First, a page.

Bringing more of the government under the ambit of IT will not solve the problem of corruption. The bottleneck in getting a passport is not in the Regional Passport Office, but getting the police verification report to state that you exist at the address shown and are of good character. Very few can cross this hurdle without paying under the table. Does it come as a surprise then that the gangster Abu Salem had several valid passports?
The answer lies in having a zero tolerance policy on corruption and swift judicial processes and salutary punishments. But this will then entail a reform of the judicial system, now increasingly corrupt and even suspected to be so right up to the very highest of courts. It seems too tall an order for a lawyer infested party and whose fortunes hinge of delayed judicial processes? In contrast the Congress doesn’t even try to obfuscate. It just promises to enact Rahul Gandhi’s bills.
In the last decade and a half we have seen the expansion of bank credit by nationalized banks rise from about Rs.1.2 lakh crores to Rs.24 lakh crores. Of this almost 20% is considered to be NPAs. Neither the Congress nor the BJP considers the imminent loss of Rs. 4.8 lakh crores a serious challenge to the economy and the banking sector in particular, and hence there is no mention about it at all. As many as 36 of the top 50 industrial groups are now considered to be in default, and they are clamoring for restructure of their financial obligations, which means they want more money from the government owned banks and financial institutions.
The two major national parties are together going to spend about Rs. 15-20000 crores on their electioneering. I have read somewhere that as many as 250 corporate jets and helicopters are zipping around the country connecting the leaders to the people. But who is footing the bills? Narendra Modi is zipping around in an Adani jet. The Adani Group is in default for about Rs.20, 000 crores. And it clearly needs a huge dose of restructure. Typically in India restructure doesn’t mean hiving off units, or changing managements. It only means pouring in more public money into private coffers, a good part of which ends up abroad or to pay for elections. None of the major parties such as the Congress, CPM, SP, BSP, DMK, AIADMK, SAD, JD (U), TMC, TDP, TRS and the rest of the alphabet soup promise anything on this score. Why then should the BJP?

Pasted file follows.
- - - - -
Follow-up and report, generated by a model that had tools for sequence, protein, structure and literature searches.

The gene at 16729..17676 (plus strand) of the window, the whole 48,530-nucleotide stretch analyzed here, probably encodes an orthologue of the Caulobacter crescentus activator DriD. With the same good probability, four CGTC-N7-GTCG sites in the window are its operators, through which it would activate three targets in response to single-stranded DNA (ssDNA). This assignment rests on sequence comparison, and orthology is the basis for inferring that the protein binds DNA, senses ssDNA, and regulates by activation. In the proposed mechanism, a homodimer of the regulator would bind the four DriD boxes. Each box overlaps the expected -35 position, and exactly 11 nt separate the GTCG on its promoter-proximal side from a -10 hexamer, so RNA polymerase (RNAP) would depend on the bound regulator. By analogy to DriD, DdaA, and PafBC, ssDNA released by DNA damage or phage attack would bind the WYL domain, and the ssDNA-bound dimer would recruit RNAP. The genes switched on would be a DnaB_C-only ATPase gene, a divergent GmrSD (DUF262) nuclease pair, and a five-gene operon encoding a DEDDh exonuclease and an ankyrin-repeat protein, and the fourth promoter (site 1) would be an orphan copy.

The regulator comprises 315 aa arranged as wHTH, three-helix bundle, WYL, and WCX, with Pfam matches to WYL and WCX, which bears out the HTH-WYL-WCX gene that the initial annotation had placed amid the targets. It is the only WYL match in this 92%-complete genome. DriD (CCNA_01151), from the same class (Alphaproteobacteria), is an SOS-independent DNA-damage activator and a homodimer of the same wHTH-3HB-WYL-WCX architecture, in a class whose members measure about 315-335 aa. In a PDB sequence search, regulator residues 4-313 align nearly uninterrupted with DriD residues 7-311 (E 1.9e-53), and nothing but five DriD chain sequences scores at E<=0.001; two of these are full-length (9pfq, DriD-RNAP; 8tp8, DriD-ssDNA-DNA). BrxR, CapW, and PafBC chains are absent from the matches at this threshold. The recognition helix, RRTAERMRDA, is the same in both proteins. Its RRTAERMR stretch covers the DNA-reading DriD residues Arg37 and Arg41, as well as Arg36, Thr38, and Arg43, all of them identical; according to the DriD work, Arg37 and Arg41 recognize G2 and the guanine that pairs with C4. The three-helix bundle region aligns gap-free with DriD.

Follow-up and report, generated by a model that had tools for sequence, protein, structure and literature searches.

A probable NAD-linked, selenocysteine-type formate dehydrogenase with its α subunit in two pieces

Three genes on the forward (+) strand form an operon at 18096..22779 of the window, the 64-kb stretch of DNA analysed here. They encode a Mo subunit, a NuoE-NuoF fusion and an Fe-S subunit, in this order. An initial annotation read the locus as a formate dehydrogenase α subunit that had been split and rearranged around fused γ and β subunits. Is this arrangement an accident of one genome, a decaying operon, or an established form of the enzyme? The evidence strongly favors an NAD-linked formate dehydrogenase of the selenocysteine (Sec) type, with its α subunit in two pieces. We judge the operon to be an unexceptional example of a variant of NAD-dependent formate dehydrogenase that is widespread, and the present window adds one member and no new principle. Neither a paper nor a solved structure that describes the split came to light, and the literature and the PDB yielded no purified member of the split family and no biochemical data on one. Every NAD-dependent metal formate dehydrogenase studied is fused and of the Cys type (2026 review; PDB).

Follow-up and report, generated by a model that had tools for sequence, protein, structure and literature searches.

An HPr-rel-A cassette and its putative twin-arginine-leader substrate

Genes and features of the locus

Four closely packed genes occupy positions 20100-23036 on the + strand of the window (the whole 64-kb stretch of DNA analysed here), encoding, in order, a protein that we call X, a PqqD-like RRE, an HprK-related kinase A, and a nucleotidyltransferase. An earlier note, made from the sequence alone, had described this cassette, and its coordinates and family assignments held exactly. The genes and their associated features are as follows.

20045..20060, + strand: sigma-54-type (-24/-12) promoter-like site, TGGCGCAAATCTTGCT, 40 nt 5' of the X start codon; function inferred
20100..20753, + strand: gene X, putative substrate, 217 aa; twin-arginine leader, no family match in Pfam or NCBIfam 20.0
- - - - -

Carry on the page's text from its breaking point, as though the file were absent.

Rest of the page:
The blandness and shoddy drafting of the BJPs manifesto is evidence of much last minute red-penciling. This could very well have been the Congress Party’s manifesto. And this is certainly not a manifesto written by a small group headed by Murli Manohar Joshi, probably the zaniest original thinker in national politics, as you must be if you are a physics professor who believes in astrology. We all know that the release of the manifesto was delayed, as Modi seemed to have serious reservations and wanted to work on it himself. If this is a product of his intervention, then only less said the better?
Mohan Guruswamy is a non-resident senior fellow of the Atlantic Council’s South Asia Center and based in India. This article was originally published in The Citizen on April 9, 2014.